The recurrent resistance causes reduced therapeutic options, as well as higher mortality. P. aeruginosa is a problematic pathogen as it is hard to treat compared to other GNB. In P. aeruginosa, major role in carbapenem resistance is played by intrinsic/chromosomal-mediated resistance mechanisms. Typical resistance mechanisms in carbapenem resistant P. aeruginosa are variations or loss of the outer membrane proteins. These are required for the uptake of carbapenems, combined with overexpression of the chromosomal cephalosporinase AmpC β-lactamase, up regulation of efflux systems that can acquire resistance to unrelated antibiotic groups7.

The principal spp. among the cluster of carbapenem resistant Enterobacteriaceae (CRE) is Klebsiella pneumoniae8. The predominant cause of carbapenem resistance in K. pneumoniae is the generation of carbapenemases, which additionally affect other antibiotics such as, beta-lactam’s. Non-carbapenemase-mediated process of resistance in carbapenem resistant K. pneumoniae is rare but, in general, vastly unknown1.

Intravenous treatment options for MDR GNB
Infections induced by multiple drug resistant (MDR) GNB microorganisms usually happen when there is hidden ailment, damage or hospitalization. MDR GNB might be obtained from different patients on broad-spectrum antibacterial agents for prolonged periods. Infections brought about due to MDR GNB are hard to treat thus may cause increasingly drawn out other effects, for example, pneumonia or septicemia. This can extend the duration of stay in the hospital, eventually leading to fatal outcomes. A few kinds of MDR GNB, for example, Acinetobacter spp. colonize in territories of the body with no apparent signs or signs and symptoms8,9.

Groups of carbapenems like meropenem, imipenem and ertapenem have a variety of roles, one of them is the treatment of lethal infections with Extended Spectrum β-Lactamases (ESBL) and AmpC β-lactamase producing Enterobacteriaceae and they are used for empirical treatment of sepsis caused due to GNB. Imipenem has its effects during the emergence of resistance within
P. aeruginosa but should be avoided in susceptible Pseudomonas spp. infections. If any resistance is found, exact levels of meropenem resistance should be immediately tested for and any sign of the accountable class of carbapenemase (e.g. MBL/KPC/OXA48-like) all imipenem or meropenem resistant isolates of Enterobacteriaceae should be detected.  Preferably, meropenem and imipenem are chosen for empirical therapy of bacteremia (often developing within the urinary tract) because of their advantage to provide a broader spectrum range of treatment. Ertapenem is used in the advent of resistance via porin loss in ESBL- and AmpC β-lactamase producing Klebsiella spp. and Enterobacter spp. It is also used in a once-daily dosing regimen for outpatient parenteral antimicrobial therapy of susceptible infections. In case the bacteria responsible for the infection eventually do not produce neither ESBLs nor AmpC β-lactamase, narrower-spectrum agents should be used instead of carbapenems8,9.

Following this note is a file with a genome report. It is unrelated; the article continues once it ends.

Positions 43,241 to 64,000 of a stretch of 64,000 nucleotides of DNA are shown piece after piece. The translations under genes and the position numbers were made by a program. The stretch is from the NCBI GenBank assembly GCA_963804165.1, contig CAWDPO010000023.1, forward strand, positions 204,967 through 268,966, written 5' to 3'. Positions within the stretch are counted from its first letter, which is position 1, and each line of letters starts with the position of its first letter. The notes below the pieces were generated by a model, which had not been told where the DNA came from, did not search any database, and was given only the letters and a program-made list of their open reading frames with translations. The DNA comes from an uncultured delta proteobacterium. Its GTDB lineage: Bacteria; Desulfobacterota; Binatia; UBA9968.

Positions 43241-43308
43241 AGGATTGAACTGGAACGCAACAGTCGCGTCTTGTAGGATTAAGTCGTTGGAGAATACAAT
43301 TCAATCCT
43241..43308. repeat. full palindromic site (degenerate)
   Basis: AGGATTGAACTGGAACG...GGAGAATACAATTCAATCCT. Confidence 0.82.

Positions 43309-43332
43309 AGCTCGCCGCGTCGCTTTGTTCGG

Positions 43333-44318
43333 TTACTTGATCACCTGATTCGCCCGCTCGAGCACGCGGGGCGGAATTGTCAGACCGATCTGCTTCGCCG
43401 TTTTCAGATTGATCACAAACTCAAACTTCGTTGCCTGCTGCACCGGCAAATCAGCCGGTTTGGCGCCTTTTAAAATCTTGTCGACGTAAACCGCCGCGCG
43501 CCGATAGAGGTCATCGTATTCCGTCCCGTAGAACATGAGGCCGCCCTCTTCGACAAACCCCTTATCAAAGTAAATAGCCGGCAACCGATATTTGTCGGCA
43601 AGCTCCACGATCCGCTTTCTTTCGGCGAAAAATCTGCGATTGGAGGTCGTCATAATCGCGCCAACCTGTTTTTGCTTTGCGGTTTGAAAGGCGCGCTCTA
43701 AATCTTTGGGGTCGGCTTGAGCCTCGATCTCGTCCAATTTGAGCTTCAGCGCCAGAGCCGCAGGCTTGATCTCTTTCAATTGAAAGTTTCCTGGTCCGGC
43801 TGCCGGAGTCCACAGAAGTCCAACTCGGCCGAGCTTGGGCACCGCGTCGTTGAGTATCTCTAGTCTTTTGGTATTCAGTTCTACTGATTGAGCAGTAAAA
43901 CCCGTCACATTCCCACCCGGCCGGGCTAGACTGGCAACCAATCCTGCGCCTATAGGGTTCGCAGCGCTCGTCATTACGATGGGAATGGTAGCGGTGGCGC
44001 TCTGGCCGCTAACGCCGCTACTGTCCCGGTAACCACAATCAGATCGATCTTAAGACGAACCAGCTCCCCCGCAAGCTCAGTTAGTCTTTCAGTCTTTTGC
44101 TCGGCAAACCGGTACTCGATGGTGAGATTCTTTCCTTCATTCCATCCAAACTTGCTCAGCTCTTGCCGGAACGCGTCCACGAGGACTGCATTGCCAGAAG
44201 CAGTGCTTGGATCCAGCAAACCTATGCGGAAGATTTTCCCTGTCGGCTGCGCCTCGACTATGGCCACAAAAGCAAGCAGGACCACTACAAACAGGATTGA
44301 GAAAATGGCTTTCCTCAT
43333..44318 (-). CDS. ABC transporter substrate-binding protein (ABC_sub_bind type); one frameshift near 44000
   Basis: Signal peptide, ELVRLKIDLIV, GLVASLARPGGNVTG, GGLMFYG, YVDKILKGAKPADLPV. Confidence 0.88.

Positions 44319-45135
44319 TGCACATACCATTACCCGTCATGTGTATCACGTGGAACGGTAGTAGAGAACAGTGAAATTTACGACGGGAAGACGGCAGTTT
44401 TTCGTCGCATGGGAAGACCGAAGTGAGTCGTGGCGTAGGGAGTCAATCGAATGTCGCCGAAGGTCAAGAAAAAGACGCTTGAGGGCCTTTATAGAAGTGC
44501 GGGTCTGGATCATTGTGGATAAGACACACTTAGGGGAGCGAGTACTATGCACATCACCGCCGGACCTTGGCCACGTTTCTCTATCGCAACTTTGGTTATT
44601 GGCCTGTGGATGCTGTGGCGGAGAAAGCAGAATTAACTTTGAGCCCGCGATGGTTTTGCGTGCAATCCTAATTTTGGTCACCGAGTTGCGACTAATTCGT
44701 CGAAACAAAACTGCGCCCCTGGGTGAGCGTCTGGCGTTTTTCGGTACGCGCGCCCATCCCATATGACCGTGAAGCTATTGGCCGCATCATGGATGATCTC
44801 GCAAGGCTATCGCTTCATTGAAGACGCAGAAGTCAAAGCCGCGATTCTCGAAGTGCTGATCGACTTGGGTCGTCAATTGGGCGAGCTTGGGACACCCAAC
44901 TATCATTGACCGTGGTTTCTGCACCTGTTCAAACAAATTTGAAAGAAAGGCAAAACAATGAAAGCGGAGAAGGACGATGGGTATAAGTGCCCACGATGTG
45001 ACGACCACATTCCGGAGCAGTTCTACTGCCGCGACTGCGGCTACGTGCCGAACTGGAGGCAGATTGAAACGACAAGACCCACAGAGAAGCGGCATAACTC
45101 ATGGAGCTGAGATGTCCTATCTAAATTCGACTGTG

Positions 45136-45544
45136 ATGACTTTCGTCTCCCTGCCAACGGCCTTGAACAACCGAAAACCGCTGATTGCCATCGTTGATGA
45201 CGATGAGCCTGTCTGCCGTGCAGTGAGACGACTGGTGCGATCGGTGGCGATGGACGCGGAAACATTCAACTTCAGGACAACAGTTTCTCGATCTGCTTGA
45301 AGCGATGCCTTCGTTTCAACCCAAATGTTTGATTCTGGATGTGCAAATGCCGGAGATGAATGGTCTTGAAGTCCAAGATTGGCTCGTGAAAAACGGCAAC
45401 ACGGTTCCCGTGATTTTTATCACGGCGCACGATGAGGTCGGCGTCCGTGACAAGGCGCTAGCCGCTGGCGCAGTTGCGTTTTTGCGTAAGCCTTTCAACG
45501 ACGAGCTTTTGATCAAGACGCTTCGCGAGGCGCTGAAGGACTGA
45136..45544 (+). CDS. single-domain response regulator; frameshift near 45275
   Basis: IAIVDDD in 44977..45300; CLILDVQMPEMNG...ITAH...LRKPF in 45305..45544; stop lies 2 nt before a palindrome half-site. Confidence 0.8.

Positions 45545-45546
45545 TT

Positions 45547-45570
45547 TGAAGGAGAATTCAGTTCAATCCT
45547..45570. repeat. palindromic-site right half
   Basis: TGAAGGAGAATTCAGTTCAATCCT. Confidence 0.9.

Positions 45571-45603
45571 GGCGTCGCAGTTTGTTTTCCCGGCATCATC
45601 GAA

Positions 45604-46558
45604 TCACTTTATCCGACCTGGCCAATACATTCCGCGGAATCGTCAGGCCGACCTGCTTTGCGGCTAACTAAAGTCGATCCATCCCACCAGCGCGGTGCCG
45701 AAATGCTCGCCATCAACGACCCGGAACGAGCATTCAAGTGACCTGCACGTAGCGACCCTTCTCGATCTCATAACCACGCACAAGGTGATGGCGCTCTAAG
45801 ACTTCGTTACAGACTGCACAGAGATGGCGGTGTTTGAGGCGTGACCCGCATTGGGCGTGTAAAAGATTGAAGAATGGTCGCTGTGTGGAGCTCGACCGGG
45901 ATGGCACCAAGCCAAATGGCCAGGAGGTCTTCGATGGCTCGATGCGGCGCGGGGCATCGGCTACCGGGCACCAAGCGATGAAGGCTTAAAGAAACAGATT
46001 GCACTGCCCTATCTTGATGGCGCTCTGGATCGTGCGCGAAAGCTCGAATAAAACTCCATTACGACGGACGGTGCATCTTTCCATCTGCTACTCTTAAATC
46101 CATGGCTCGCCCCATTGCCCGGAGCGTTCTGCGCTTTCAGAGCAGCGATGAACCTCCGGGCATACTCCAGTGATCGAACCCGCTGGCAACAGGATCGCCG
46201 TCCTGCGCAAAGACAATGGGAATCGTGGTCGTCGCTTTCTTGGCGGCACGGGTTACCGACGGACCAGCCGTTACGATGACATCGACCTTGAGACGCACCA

Ceftazidime is normally inadequate for treating infections with multi resistant Enterobacteriaceae, except certain OXA-48 carbapenemase producing bacterial strains. It remains helpful for infections caused by imipenem or quinolone susceptible P. aeruginosa strains. The utilization of ceftazidime in managing diseases caused due to ESBL-or AmpC β-lactamase producing Enterobacteriaceae or carbapenemase-producing Enterobacteriaceae (CPE), besides for OXA-48 makers, regardless of whether in vitro tests recommendation is to be avoided10.

Ceftolozane/tazobactam is effective against various GNB, including Enterobacteriaceae and P. aeruginosa. These drugs have benefit in complicated cases of urinary tract infections (UTI’s) and intra-abdominal infections. Ceftolozane is the most vigorous β-lactam against P. aeruginosa and it has potentially different uses. Concerning MIC, ceftolozane/tazobactam should be avoided in infections caused due to AmpC β-lactamase producing or KPC producing Enterobacteriaceae9. Co-amoxiclave is mixture of broad-spectrum antibiotic, amoxicillin and the β-lactamase inhibitor, clavulanic acid. It’s efficacy is seen in lower tract UTIs triggered by ESBL-producing bacteria, particularly pathogens that lack co-production of OXA-1 β-lactamase9.

Cefepime has a greater disappointment level in infections caused by ESBL-producing GNB than carbapenems, provided minimum inhibitory concentrations of (MICs) against cefepime are ≤1 mg/L. The use cefepime for treatment of infection caused by ESBL or AmpC β-lactamase producing microorganism is not advised if inclined to the EUCAST breakpoint of MIC ≤1 mg/L. The longer use of cefepime even at increased dose for isolates is not advised with (i) MIC of 2–8 mg/L (CLSI ‘susceptible dose dependent’) or (ii) MIC 2–4 mg/L (EUCAST intermediate) or (iii) strains producing both AmpC β-lactamase and ESBLs. Bacteremia caused due to E. coli strains barring ESBLs and with MIC ≥2 mg/L but <8 mg/L can be correctly handled with cefepime but the use of cefepime is not advised to treat infections caused by CPE9.